Teaching literacy in TECHNOLOGY (MANDATORY) Stage 4 - Year 7. The literacy demands of technology (mandatory).
Literacy is the ability to read and use written information and to write appropriately, in a range of contexts. It is used to develop knowledge and understanding, to achieve personal growth and to function effectively in our society. Literacy also includes the recognition of number and basic mathematical signs and symbols within text.
Australia’s Language and Literacy Policy,
Companion Volume to Policy Paper, 1991.
• to gain information
• to follow instructions
• to respond to a variety of stimuli
• to understand the technical vocabulary of technology
• to listen to the ideas and opinions of others
• to understand conversations, instructions and demonstrations
• to recognise meaning
• to respond appropriately and constructively to oral stimuli.
• to locate and select specific information
• to make comparisons
• to recognise the technical vocabulary of technology and understand its meaning
• to read independently from a variety of sources
• to extract and organise information
• to follow written instructions
• to analyse and summarise information
• to relate and link knowledge and understandings
• to identify and locate appropriate resources
• to read from a range of texts.
• to recount a series of events
• to articulate ideas in written and graphical form
• to organise written information from a variety of sources
• to write in a variety of text types
• to express a point of view and justify it with relevant reasons
• to present a written argument
• to construct an information report
• to devise a set of explicit instructions that involve sequential steps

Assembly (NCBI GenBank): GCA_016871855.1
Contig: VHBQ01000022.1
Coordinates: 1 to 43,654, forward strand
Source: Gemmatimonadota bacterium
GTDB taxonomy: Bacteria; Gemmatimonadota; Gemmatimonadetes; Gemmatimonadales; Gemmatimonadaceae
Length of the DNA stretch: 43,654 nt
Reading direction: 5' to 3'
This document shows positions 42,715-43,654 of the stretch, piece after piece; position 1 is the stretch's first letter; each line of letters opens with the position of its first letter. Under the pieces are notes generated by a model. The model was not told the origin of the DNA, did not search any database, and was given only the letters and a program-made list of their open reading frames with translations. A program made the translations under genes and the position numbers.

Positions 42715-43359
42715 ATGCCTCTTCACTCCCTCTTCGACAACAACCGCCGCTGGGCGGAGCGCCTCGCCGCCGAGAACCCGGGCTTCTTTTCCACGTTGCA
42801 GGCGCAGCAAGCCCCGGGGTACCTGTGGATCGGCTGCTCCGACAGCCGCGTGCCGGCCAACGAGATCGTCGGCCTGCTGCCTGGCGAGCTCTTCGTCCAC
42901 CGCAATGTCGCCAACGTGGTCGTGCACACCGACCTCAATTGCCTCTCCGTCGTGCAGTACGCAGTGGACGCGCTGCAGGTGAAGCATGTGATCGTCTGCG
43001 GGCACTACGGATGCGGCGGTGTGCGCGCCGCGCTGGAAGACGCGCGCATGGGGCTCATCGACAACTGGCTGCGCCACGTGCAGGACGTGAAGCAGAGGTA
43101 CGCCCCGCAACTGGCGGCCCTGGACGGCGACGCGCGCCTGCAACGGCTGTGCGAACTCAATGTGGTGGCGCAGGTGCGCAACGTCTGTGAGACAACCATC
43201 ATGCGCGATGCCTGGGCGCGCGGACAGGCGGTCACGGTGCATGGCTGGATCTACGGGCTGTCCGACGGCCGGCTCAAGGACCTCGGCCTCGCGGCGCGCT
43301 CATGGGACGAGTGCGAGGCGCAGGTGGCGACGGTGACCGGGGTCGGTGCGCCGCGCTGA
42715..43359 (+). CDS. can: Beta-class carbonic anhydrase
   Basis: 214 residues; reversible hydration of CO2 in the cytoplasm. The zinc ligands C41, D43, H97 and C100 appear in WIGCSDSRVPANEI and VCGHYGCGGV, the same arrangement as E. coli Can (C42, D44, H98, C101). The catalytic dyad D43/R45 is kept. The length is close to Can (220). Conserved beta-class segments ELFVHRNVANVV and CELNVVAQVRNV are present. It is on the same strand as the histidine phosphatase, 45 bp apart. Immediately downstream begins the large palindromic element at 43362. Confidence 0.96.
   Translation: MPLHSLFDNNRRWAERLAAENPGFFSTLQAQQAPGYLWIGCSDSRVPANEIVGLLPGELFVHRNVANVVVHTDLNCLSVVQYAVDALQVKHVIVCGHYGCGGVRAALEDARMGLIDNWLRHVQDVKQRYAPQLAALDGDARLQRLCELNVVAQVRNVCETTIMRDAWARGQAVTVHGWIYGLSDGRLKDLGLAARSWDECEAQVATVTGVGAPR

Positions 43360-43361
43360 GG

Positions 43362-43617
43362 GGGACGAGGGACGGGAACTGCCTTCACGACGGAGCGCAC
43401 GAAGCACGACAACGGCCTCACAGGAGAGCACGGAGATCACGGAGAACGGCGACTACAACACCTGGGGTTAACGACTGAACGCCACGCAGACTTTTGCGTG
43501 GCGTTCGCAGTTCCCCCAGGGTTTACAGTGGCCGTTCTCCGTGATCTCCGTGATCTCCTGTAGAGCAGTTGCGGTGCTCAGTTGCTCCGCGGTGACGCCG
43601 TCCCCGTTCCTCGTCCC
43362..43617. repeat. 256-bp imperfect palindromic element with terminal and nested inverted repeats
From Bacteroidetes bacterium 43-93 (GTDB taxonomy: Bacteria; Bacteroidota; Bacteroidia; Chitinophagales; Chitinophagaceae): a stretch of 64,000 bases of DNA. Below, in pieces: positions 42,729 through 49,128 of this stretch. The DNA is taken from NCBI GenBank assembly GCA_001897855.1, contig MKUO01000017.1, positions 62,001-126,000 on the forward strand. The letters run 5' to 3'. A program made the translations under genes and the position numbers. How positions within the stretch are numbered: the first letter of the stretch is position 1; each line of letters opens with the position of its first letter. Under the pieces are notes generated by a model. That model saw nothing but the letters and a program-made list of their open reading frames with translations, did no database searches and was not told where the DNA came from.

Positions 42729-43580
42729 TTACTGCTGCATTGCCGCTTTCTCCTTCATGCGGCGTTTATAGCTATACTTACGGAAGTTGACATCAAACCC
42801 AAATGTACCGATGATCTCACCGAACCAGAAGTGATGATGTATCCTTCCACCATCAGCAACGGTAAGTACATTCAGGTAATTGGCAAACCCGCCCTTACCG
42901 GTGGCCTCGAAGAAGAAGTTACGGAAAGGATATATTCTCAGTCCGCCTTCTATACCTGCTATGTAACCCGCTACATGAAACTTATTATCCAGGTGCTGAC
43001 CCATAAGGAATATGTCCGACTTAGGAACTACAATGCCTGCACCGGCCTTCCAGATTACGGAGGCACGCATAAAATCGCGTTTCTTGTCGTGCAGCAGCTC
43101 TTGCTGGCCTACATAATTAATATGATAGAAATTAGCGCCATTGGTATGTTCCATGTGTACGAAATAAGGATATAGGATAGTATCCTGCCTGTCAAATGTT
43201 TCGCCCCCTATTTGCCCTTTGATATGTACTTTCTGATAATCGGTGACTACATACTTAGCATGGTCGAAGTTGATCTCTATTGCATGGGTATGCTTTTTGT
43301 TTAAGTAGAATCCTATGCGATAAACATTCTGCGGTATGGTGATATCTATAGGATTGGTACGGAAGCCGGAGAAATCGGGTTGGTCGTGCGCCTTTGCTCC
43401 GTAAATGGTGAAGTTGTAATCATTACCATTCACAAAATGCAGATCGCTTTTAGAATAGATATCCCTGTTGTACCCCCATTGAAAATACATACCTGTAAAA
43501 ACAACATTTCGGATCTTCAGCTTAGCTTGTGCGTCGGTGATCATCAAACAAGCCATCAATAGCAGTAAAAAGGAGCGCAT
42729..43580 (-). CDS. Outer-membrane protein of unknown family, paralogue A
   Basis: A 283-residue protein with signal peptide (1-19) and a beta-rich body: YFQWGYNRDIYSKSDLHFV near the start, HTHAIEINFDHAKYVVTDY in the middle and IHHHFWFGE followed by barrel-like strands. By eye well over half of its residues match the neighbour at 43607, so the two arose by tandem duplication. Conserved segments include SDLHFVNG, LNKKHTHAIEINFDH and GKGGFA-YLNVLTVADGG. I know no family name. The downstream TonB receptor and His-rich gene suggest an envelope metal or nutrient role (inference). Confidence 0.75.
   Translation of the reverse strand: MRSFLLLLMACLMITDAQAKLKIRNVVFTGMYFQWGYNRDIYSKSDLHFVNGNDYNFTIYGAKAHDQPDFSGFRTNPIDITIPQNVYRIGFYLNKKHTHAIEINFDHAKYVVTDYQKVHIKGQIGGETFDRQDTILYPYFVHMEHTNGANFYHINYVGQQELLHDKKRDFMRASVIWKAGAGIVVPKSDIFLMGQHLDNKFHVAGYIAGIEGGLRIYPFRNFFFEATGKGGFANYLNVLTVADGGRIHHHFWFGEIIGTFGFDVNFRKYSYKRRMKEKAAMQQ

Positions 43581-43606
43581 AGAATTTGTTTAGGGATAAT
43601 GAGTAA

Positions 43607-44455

• to record information clearly.
Teachers need to take account of the prior learning experiences of their students and make links with these experiences for them.
In planning explicit support for students to meet the literacy demands of technology in the Year 7, we also need to recognise that we are preparing our students for the further demands of Stages 4 in Year 8, 5 and 6.
When students arrive in Year 7 they have generally already learned a great deal about built environments, information and communications, living things, physical phenomena, products and services and the Earth and its surroundings
This learning occurs through activities that have involved them in the processes of investigating, designing and making and using a range of technologies.
At MAHS the literacy demands of the Technological and Applied Studies (TAS) key learning area will expand and become more sophisticated. By Year 10, these students will be expected to:
• identify methods of written and oral communication appropriate to specific design projects
• identify the conventions of graphic communication
• research information related to design projects
• use computer technology to obtain and manipulate data
• present ideas using the methods, standards and conventions of oral, written and graphical communication
• present oral and written reports
• use correct terminology associated with design and technology from a range of contexts
• prepare diagrams, sketches and drawings for the making of models and products
• evaluate design solutions
• respond to ideas and issues
• interpret a range of technical language and symbols
• discuss the advantages and disadvantages of design ideas or solutions.